Figure 3. Distributed & Layered Sensing Methodology

An objective of the Distributed and Layered sensing approach is to accelerate and facilitate application of mature advanced technologies (the Component Building Blocks) to assist in the development of a cognitive autonomous sensor system and thereby provide new operational capabilities that will make a difference in military and civilian applications. At this point, the process by which a Distributed and Layered sensing candidate moves from the initial phase to a validated model is very flexible but might typically be described as follows. The baseline form of a Distributed & Layered Sensing implementation will be represented by a collection of technology programs that are combined and integrated into a demonstration carried out in the laboratory to develop or enhance a military capability or a needed civilian application. Generically, this implies identifying significant operational shortfalls, matching them up with technology programs ready to focus on important applications, and responding to a usersponsor who believes that application is important to his mission. The result of a phase 1 effort will be a Distributed and Layered sensing system comprised of the most mature technology building blocks available and will be labeled Version 1.0. It will, however, be just a starting point. Version 1.0 will embody a rudimentary autonomous system; however, it will serve as a demonstration platform as we build towards a more sophisticated system.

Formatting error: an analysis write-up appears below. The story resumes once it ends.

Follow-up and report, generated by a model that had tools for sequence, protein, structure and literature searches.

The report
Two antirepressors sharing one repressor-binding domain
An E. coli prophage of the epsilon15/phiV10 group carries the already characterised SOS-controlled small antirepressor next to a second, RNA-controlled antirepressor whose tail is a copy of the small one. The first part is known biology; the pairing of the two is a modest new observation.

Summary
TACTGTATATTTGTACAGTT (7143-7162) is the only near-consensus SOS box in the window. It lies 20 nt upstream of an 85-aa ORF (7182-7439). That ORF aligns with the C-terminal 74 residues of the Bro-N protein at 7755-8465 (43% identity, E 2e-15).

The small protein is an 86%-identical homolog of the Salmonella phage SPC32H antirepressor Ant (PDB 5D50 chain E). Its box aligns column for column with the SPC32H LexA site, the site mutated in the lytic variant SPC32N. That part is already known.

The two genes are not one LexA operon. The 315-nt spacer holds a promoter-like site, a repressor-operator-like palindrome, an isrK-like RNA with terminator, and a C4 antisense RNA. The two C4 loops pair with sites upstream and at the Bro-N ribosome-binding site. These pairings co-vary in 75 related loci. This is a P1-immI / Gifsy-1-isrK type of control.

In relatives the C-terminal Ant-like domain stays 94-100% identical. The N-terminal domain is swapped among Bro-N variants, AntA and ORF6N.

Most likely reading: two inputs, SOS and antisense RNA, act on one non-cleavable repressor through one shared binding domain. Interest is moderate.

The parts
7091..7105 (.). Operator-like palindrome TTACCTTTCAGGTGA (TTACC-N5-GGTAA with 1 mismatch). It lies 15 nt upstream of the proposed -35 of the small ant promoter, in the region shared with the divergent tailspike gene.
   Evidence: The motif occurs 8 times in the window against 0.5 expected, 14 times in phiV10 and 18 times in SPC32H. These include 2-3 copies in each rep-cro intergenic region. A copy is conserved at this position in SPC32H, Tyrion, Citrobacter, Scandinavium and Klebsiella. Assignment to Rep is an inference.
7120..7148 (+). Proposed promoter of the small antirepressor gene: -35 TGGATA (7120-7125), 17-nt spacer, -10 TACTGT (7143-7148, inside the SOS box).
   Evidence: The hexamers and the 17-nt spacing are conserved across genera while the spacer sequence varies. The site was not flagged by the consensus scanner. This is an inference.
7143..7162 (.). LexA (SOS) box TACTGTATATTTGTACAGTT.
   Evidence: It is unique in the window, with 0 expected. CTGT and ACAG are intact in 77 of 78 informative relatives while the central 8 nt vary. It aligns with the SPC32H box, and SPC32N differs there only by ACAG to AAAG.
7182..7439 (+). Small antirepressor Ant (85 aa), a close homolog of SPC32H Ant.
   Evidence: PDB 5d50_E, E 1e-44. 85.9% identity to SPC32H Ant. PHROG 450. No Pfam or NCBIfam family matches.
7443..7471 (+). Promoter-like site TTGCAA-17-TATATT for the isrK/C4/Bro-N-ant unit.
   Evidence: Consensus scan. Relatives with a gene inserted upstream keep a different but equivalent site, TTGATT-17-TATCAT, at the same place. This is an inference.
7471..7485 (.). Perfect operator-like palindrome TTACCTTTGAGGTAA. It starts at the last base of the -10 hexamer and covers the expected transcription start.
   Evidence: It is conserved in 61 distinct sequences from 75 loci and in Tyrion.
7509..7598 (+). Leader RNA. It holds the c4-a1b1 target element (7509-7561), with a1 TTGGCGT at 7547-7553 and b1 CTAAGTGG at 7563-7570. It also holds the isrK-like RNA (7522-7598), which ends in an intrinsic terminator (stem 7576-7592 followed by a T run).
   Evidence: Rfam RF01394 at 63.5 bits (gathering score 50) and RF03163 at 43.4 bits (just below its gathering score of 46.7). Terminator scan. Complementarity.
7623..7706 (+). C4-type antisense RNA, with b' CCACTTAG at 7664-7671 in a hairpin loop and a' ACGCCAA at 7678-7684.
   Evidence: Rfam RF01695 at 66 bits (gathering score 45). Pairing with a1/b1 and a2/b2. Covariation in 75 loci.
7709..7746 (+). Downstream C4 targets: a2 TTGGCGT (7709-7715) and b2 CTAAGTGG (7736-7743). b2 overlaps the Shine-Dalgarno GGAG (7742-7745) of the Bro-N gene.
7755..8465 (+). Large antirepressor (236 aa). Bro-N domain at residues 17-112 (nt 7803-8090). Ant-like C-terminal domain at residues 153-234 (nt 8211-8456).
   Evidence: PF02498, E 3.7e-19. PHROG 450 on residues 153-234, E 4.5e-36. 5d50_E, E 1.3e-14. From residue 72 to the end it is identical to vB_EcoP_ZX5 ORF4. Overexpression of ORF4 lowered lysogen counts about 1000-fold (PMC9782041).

[2]

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[3] [4] [5] [6]

[7]

[8]

[9]

Gail Kaufman and Gopal Ratnam, “U.S. Navy Releases Broad Transformation Outline,” Defense News, April 15, 2002. Edward F. Bruner, Army Transformation and Modernization: Overview and Issues for Congress, CRS Report RS20787. Y. Salama, et.al, “Knowledge Base Applications To Adaptive SpaceTime Procesing”, AFRL SN-RS-TR-2001-146, July 2001. P. Antonik, H. Shuman, P. Li, W. Melvin, and M. Wicks, ”Knowledge’Based Space-Time Adaptive Processing”, Proceedings of the IEEE 1997 National Radar Conference, Syracuse, NY, May 1997. C.T. Capraro, G.T. Capraro, D.D. Weiner, and M.C. Wicks, “Knowledge Based Map Space Time Adaptive Processing (KBMapSTAP),” Proceedings of the 2001 International Conference on Imaging Science, Systems, and Technology, June 2001, Las Vegas, Nevada. W. Baldygo, M. Wicks, R. Brown, P. Antonik, G. Capraro, and L. Hennington, “Artificial Intelligence applications to constant false alarm rate (CFAR) processing”, Proceedings of the IEEE 1993 National Radar Conference, Boston, MA, April 1993. M.C. Wicks, W. Baldygo, and R. Brown, “US Patent 5,499,030 Expert System Constant False Alarm Rate (CFAR) Processor”, filed March 18, 1994, issued March 12, 1996.